Revitalized Nishikori is into first semi-final since 2019: “It’s been two years since I felt like this”
Kei Nishikori is back in the zone on the North American hard courts, and the former world No 4 is inspired by his form. On Friday he defeated Lloyd Harris to reach his first semi-final in over two years.
It has been an extremely long road back for Kei Nishikori since his elbow surgery in October of 2019. The former world No 4, a 12-time title winner on tour and the first Asian-born male to reach a Grand Slam final, has had to struggle to find his form with a surgically repaired right elbow.
To make matters worse, the pandemic is not exactly the proper environment for getting tons of matches under one’s belt – Covid-19 has added a whole new layer of difficulty to the challenges of performing on tour.
And yet, 31-year-old Nishikori has finally found his way back closer to top form. Nishikori built some confidence on on the clay this spring, reaching the second week at Roland-Garros, but the real progress has been made over the last two weeks.
Finding his peak tennis – it has been two years
Nishikori says that between the Tokyo Olympics, where he earned his first top-10 win since 2018 and reached the quarter-finals, and this week’s Citi Open, where he is into his first semi-final in over two years, he has suddenly found a level up in form.
“I feel like it’s been two years that I feel like this,” he told reporters on Thursday after defeating seventh-seeded Cameron Norrie 3-6, 6-3, 6-3 in the round of 16 at the Citi Open. “The way I feel on the court is very nice, very comfortable, being aggressive. I’m finally start feeling the ball. So feel like beating top 10, it’s been two years also. But after coming back from my wrist injury, last week was first time I felt like strong, and I feel like I’m carrying that this week too.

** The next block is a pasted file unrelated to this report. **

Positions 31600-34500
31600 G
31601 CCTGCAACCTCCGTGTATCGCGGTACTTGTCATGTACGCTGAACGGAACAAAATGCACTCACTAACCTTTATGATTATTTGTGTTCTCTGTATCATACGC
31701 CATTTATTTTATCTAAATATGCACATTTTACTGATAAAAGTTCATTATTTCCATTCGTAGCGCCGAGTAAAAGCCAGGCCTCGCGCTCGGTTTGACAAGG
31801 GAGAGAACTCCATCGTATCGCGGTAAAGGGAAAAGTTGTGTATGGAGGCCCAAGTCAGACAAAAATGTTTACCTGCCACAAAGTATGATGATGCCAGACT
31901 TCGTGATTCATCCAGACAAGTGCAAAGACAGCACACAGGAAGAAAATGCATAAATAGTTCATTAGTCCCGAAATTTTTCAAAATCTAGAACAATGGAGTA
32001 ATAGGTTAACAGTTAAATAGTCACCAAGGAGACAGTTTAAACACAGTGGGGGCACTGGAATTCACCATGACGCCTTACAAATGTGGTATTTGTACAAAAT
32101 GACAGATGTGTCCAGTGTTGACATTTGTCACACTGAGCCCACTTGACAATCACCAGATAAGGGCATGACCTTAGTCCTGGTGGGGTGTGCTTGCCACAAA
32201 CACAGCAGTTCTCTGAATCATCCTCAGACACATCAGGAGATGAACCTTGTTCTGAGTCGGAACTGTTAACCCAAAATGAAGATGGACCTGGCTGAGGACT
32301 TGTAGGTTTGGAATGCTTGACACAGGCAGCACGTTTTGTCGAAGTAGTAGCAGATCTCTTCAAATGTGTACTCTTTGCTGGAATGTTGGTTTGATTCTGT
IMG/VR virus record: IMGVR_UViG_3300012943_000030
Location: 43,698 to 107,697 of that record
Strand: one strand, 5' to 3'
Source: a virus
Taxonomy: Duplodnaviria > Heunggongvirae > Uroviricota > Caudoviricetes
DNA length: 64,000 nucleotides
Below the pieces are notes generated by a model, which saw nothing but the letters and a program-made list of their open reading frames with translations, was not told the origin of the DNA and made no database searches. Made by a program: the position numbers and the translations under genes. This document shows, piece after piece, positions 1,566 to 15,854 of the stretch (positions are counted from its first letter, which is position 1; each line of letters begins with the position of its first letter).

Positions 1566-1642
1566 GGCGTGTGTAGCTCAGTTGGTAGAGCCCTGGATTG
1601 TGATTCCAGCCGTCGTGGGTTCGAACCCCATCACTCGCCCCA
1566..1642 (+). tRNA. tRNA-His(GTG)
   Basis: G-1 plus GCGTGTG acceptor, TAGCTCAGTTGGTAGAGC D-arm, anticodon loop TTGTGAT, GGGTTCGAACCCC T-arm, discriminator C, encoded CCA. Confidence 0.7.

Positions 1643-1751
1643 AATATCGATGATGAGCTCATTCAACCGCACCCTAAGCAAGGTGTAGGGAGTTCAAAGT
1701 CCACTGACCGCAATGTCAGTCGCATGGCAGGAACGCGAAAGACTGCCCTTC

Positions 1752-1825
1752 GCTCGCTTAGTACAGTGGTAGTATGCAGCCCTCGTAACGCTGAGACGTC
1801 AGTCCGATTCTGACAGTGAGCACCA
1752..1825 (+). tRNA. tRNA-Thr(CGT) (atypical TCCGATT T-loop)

“Very happy. Very pleased that how I keep playing like this. There is some up and downs, but, yeah, last two weeks I have been feeling pretty nice.”
A better serve that is easier on the arm
Earlier this season Nishikori talked a lot about revamping his serve to make it easier on his elbow, and he says that making subtle changes to the stroke has helped him stay healthy, which also preserves his peace of mind on and off court.
“I did after elbow surgery, last December, I was working with Max [Mirny], Michael [Chang] and Japanese coach as well,” Nishikori said in March at Rotterdam. “I tried to look again with my serve and I needed more power but less using my shoulder; I was hurting my shoulder, too, last year.”
Several months later it is clear that Nishikori is beginning to fire on all cylinders again.
“I think I am more steady now,” Nishikori said on court after defeating Lloyd Harris 6-3, 7-5 in quarter-final action on Friday night at the Citi Open. “Less unforced errors in the last couple of months, I was not able to make many balls before, but now I do, and also my confidence is coming up.”
Nishikori has historically performed well on all surfaces, but the hard court is where he has won the majority of his 12 titles. 10 have come on hard courts, and he is just two steps from winning a second title at the Citi Open. In 2015, as the world No 5, he defeated Marin Cilic and John Isner in back-to-back finals to take the title in Washington, D.C.
He’d like nothing more than to raise the trophy again, to kick his US Open Series off with a glorious reminder of the potential he possesses when he is playing peak tennis.
“Since last week I think it’s been almost two years I been feeling like this on the courts, like very focus and very steady,” he said. “Not making too much mistakes, unforced errors. Yeah, this feeling I want to really, I hope I can carry couple more weeks until US Open,” he said. “I think this is, you know, makes me great confidence. Yeah, I hope I can keep going two more matches.”